A little sugar: How much is your daily sugar intake?

A little sugar: How much is your daily sugar intake?

A breakfast bar in the morning, an afternoon cup of tea, an evening biscuit in front of the TV – it can be easy to forget how much sugar we eat each day. But do you know the damage sugar is doing to your overall health and teeth?

The truth about sugar

healthy foods

During a typical day, it’s easy to consume over 100g of sugar. That’s more than three times the recommended daily amount.

See a typical day’s intake below:

Breakfast: Bowl of cereal and toast with jam (30g of sugar)

Lunch: Sandwich, banana, yoghurt and chocolate bar (70g of sugar)

Dinner: Chicken curry and rice (10g of sugar)

Total: 110g of sugar, of which 80g is added sugar

Worryingly, the list above doesn’t include snacks, sugary drinks or sugar added to tea of or coffee.

In the UK, adults are advised to eat no more than 30g of added sugars a day and children should have less than this (between 19g – 24g maximum depending on age).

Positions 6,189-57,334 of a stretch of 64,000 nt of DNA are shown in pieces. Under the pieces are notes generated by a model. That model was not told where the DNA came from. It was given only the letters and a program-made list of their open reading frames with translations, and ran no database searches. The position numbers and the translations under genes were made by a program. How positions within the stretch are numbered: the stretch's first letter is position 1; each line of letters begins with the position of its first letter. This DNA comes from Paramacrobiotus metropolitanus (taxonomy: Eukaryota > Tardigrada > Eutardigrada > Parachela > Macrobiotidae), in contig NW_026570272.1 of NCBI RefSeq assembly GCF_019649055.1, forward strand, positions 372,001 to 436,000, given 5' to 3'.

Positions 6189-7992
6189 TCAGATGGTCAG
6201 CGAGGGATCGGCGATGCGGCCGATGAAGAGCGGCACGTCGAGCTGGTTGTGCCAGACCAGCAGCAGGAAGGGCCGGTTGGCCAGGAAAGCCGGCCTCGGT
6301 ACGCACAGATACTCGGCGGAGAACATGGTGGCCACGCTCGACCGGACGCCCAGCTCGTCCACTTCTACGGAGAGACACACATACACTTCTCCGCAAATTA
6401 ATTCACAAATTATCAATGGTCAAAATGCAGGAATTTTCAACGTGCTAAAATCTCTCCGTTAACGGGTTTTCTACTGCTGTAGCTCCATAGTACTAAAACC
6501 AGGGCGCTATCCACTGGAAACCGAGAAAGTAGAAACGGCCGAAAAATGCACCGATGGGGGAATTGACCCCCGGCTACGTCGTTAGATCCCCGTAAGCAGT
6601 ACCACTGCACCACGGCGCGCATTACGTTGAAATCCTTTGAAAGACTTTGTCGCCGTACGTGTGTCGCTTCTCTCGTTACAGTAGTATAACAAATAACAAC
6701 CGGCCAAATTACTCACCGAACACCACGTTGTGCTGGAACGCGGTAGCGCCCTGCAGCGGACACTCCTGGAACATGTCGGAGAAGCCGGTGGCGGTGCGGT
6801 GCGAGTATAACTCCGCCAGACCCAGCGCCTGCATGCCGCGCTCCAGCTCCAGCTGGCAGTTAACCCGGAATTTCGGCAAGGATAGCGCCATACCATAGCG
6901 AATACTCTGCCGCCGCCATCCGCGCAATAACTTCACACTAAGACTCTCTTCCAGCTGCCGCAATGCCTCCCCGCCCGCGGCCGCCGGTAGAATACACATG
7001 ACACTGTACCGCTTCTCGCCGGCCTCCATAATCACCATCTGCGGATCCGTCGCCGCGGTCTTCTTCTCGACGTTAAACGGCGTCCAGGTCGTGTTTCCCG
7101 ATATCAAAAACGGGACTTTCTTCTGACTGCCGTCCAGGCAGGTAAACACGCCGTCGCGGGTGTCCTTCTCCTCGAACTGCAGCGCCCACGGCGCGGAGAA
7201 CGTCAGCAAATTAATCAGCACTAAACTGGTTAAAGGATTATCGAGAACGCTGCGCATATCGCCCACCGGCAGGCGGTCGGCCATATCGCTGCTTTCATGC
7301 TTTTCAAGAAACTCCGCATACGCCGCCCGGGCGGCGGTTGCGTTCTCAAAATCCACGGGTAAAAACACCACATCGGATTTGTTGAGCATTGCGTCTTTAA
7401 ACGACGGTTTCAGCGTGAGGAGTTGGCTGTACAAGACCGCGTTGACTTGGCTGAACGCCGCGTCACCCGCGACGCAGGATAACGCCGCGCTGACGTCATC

Added sugars are found in most processed foods including:

  • Sweets and chocolate
  • Cakes
  • Biscuits
  • Ready made sauces and ready meals
  • Fizzy drinks
  • Yoghurts
  • Fruit juice drinks
  • Cereals and cereal bars

You’ll also find sugar in natural food sources too, like milk and fruit, but you don’t need to worry about those types of sugars as much.

Why is sugar bad?

sugar cubes

Added sugar doesn’t benefit our health in any way. It contains no essential nutrients and is bad for our oral health too.

Harmful bacteria feeds on the sugars you eat to create acids that destroy tooth enamel. The more sugar you eat (and the more often you eat it) the more damage your teeth will be subject to and the higher the risk of cavities.

Too much sugar can also lead to health concerns and disease as well as insulin resistance, diabetes and obesity.

How to cut sugar and help your teeth


Making a few adjustments to your diet and habits can help your long-term health along with your oral health.

We recommend that you:

  • Avoid low fat diet foods as these tend to be higher in sugars to replace the fats. If you’re watching your calorie intake, eat smaller portions of your normal meals rather than low fat meals.
  • When you do eat sugar, make sure you eat it during meal times. Snacking on sugary foods only increases the number of acid attacks on your enamel. Limiting your sugar intake and frequency of eating sugar foods is vital if you want to fix any damage.
  • Chewing sugarless gum is a great way to beat sugar cravings. Chewing gum also increases saliva flow, bathing the teeth in minerals and strengthening the teeth.

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Do you have any tips for reducing sugar in your diet? If so, drop us a tweet @APSmilecare

Posted on: 30th Dec, 2016